Updated Federal Dietary Guidelines to Include Cholesterol, Coffee, and a Plant-Based Diet

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Updated Federal Dietary Guidelines for Americans to Include Cholesterol, Coffee, and a Plant-Based Diet

Cholesterol, saturated fats and sodium were all demonized by doctors in the 1980s and 1990s, but a modernized version of the government’s Dietary Guidelines for Americans is taking another look. It appears that cholesterol is back on the table: an advisory panel making recommendations for the guidelines has said cholesterol is no longer considered a "nutrient of concern," which means eggs will no longer be shunned by cholesterol-fearing consumers.

Americans may also enjoy coffee with their eggs. The new dietary guidelines will likely give a nod to moderate coffee consumption (about 3-5 cups per day), which may reduce the risk of type 2 diabetes and cardiovascular disease.

Additionally, the panel is recommending a plant-based diet with ample fruits, vegetables, nuts, seeds, grains and legumes for both health and environmental reasons. This is the first such update to the dietary guidelines in five years, according to the Los Angeles Times.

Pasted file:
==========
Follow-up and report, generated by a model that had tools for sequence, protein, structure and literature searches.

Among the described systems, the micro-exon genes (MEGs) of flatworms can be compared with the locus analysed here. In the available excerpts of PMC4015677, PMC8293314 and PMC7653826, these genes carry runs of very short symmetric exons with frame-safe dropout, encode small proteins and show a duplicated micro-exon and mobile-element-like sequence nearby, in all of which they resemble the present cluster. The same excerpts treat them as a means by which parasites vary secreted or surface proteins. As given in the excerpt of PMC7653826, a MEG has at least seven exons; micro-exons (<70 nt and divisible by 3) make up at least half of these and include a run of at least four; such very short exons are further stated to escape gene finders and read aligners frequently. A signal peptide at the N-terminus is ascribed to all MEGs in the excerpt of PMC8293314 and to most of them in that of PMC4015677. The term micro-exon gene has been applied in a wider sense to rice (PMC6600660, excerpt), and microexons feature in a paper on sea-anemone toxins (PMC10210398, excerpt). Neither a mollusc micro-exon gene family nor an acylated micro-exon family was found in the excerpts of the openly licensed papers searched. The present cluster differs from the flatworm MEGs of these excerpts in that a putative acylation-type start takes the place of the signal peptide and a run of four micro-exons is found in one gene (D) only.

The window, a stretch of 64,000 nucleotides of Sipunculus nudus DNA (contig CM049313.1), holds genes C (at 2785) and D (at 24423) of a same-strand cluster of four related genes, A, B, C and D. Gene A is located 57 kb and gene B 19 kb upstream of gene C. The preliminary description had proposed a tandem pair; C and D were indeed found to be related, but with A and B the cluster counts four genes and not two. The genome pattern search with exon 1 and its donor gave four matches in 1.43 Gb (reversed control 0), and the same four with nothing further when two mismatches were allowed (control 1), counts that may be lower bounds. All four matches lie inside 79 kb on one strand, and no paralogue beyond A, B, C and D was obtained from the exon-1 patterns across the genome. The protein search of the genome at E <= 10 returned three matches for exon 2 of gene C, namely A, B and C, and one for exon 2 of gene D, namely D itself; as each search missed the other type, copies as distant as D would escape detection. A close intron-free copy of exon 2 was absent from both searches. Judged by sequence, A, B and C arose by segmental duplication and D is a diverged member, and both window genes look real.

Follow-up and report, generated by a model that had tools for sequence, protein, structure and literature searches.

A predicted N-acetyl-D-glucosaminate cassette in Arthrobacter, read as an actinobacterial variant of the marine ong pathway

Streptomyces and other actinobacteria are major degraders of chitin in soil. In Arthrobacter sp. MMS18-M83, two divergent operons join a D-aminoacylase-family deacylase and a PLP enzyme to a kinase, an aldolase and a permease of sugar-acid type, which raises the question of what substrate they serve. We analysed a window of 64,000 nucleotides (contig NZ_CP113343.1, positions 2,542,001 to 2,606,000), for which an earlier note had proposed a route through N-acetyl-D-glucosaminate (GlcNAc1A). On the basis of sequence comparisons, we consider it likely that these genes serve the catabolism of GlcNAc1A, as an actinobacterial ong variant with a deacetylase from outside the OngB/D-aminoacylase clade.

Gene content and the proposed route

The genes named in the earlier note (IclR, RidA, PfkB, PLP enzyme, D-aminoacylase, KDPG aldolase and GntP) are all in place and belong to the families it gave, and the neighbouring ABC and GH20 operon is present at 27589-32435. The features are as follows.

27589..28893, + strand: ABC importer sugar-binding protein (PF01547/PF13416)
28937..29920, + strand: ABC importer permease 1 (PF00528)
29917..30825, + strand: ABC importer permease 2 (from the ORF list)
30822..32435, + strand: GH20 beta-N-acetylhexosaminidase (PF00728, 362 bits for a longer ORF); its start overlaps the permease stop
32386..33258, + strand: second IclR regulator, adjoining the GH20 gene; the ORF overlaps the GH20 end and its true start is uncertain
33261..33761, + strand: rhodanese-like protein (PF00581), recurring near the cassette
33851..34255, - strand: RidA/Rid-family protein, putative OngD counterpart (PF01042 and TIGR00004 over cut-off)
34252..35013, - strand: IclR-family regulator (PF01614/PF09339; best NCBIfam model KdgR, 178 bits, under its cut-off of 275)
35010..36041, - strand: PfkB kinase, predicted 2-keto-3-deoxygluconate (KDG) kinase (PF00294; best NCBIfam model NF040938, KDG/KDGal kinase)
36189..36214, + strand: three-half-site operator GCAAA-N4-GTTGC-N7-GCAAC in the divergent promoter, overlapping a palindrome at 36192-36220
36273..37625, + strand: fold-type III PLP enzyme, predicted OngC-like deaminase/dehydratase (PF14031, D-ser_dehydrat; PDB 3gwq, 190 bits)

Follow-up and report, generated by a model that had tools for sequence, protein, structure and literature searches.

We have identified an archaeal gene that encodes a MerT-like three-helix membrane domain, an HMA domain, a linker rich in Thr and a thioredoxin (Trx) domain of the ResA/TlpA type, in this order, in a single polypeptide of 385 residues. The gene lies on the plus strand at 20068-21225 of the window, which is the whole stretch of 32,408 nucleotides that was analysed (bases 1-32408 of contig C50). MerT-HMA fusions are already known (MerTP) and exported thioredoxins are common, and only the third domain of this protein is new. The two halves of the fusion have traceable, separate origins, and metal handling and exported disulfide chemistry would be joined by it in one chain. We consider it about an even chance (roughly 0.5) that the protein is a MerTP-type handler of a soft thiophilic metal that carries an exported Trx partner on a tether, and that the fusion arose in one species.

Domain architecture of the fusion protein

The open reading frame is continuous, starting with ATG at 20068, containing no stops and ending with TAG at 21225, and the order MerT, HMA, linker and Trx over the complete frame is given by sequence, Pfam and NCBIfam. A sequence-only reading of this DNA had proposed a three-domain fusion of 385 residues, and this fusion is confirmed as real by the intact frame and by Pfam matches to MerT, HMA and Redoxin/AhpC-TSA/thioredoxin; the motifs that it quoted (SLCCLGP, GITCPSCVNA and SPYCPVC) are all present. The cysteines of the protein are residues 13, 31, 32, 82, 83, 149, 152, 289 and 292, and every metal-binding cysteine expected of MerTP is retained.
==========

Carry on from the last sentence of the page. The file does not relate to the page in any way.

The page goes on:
The advisory panel is made up of medical experts at the top of their game who've been tasked to come up with dietary guidelines that mirror current research. Cholesterol is a great example: only 20 percent of cholesterol in the body comes from our food, so it doesn't actually have as much of an impact on reducing overall cholesterol. Cleveland Clinic cardiologist Dr. Steven Nissen says that saturated fats should also be reconsidered as a "nutrient of concern" and in some cases, sodium as well.

“It’s very hard for the people who were the source of all of this conventional wisdom to say, ‘Oh my God, we were wrong,’” Nissen told the Los Angeles Times. “Hubris is a tough thing.”

The modernized interpretation will give recommendations that help Americans use the most updated information we have.

“You can’t just tell Americans to eat less saturated fat,” said Tom Brenna, a professor of nutrition and chemistry at Cornell University. “We not only have to tell them what to reduce, but we have to tell them what to substitute it with that won’t worsen their health. You don’t want to substitute one poison for another.”

Related on Organic Authority

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Image of egg via Shuttershock

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